Interest in IMTA growing in Europe, especially since there is a need for greater production of aquaculture animals, and therefore a need for more waste treatment, but also the need for a diversity of organisms to grow, in order to have safer and more sustainable systems. The interest in seaweed is huge in Europe, not only as food but also as an ingredient in skin products and for the extraction of biofuel.

With the increased need, it is important to assess that farming and harvesting are done in a sustainable way, so that one does not get a boom-and-bust problem, taking out too much and causing the system to collaps.
In addition to the biological and technological challenges, where fish farmers should learn to cultivate a new species, there are also some regulatory barriers that need to be resolved.

Today, it is mainly Norway, Portugal, France, Ireland and Denmark that grow seaweed on a large scale in Europe. They grow mainly kelp species, mostly Saccharina latissima which can be found on our Swedish west coast, too. In Denmark, there is co-farming of kelp with trout and clams or only kelp and mussels. The kelp is grown on long ropes that hang freely in the water, looking a bit like a clothesline.

In Brittany, France, oysters and algae are farmed together. Here, it is the green alga Ulva (Sea lettuce) that is growing on oyster cages. In Portugal (using the water outside Senegal) they are cultivating kelp with sole (the flat fish), something that is also tried on the Canary Islands. In Ireland, they grow the delicious brown alga Alaria esculenta together with salmon.

In order to extract as much as possible from farmed algae there is a project to create a macroalgae biorefinery. This is collaboration between several European countries, hoping to launch a thriving seaweed culture industry also in Europe, once the current financial crisis has been resolved.

Contributed papers: Cultivation techniques

Agar is extracted from the cell walls of agar producing seaweed such as Gracillaria sp. Depending on whether the seaweed are grown in large tanks on land, in larger ponds or in the ocean, there is a variation in growth rate, growth of fouling algae, susceptibility to various diseases and the chemical content of the algae.

In Malaysia, Dr Su has assessed the pros and cons associated with each method, and also tried other methods. This included the use of floating net cages, which are often used in fish farming. They also let spores settle on fixed bottom nets and ropes, which gave a greater return on the ropes over the nets. Problems connected with ropes and nets were primarily that many other species also liked to grow there (fouling).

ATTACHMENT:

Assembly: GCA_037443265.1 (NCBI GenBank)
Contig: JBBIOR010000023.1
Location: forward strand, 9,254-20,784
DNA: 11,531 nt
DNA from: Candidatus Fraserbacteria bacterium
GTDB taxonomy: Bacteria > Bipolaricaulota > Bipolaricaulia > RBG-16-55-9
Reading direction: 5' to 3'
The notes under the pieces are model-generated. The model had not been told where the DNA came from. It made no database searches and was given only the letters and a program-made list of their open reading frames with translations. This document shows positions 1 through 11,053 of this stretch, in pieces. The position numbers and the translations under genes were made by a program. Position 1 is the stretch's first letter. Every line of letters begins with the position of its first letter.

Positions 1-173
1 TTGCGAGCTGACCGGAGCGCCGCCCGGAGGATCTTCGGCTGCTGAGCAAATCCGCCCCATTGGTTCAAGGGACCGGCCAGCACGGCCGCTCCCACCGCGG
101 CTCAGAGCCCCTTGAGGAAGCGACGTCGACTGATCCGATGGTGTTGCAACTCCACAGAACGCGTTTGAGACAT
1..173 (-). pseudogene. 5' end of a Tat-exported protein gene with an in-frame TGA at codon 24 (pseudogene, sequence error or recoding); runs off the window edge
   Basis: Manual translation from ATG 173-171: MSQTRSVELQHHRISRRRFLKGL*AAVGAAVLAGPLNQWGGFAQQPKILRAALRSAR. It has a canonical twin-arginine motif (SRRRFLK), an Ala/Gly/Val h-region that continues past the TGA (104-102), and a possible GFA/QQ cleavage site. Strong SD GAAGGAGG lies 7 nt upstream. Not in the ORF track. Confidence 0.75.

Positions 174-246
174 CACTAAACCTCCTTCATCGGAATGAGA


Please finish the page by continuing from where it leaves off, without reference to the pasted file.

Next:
Dr Su from Malaysia explains her findings in culture methods.

Dr Su from Malaysia explains her findings in culture methods.

To evaluate which method was the best, not only in quantity algae produced per unit of time, they also analyzed the finished agar powder to compare the quality of the product. They found that from some areas the product contained excessive levels of lead, too high to be sold as food. The water chemistry and pollution history of an area are important to take into account when determining whether to start growing seaweed for consumption.
The main problems, though, are still grazing and unwanted growth of other species (fouling).

Norwegian salmon farming is growing rapidly. Up in Trondheim, where there are plenty of salmon farms, they have grown Saccharina latissima outside the salmon pens. The seaweed are seeded on long ropes in the lab, then hung out in the water.
Saccharina latissima is seeded in August and will not grow much during the dark winter. But when the light comes back in February to March it starts growing and keep growing strongly until June, where it reaches its maximum. This is harvest time. If you leave it any longer it begins to deteriorate and get more fouled by animals and other algae. Also, the highest concentrations of carbohydrates (alginate, laminated aria and mannitol) are in June.

Saccharina latissima grows best at 5 meters depth, where there is just the right amount of light, neither too much nor too little. Saccharina latissima grown in a salmon farm grew a full 50% more! Norway is ideally situated in order to develop a profitable seaweed faming industry and develop a more integrated aquaculture.

A study from the UK compared various plastic materials in order to find out what kind of surface and chemical composition that is best for seeding and growth of two different species of kelp (Laminaria digitata and Saccharina latissima).

They tried 12 (!) different plastics with different chemical properties, including a plastic consisting of phenol-formaldehyde resin (super toxic!) to see how sensitive the small spores are (kelp, unlike bladderwrack, has spores).

The competition between the two kelp species were checked after seeding, after 5 weeks, after being moved outdoors and after 3 months. Saccharina latissima is more tolerant to the chemical than Laminaria digitata and grew better on most plastics (few to none survived on the super toxic). It seems that plastic is not the best substrate to cultivate Laminaria digitata, but most plastics work well for growing Saccharina latissima. If you want to grow both species, the best plastics are PE, PP and PVC, apparently.

It’s Seaweed Time!

After a long and cold winter in Sweden, it is finally time for the 21st Intenational Seaweed Symposium to kick off in Bali.

There are more than 500 participants and the program is full of interesting talks, mini-symposia and posters. For full details, download the programs on the symposium website.

We will endeavour to summarize the different topics presented during the symposia, so that our followers have plenty to discuss over coffee or tea.

While we are waiting for the registration to open, here are som pictures of seaweed that we have already found, while acklimatizing to the climate and timezone (read: been on a holiday here). Enjoy!

A green entanglemetn of Chaetomorpha

A green entanglemetn of Chaetomorpha

A beautiful red algae.

A beautiful red algae.

This one reminds me of Furcellaria lumbricalis.

This one reminds me of Furcellaria lumbricalis.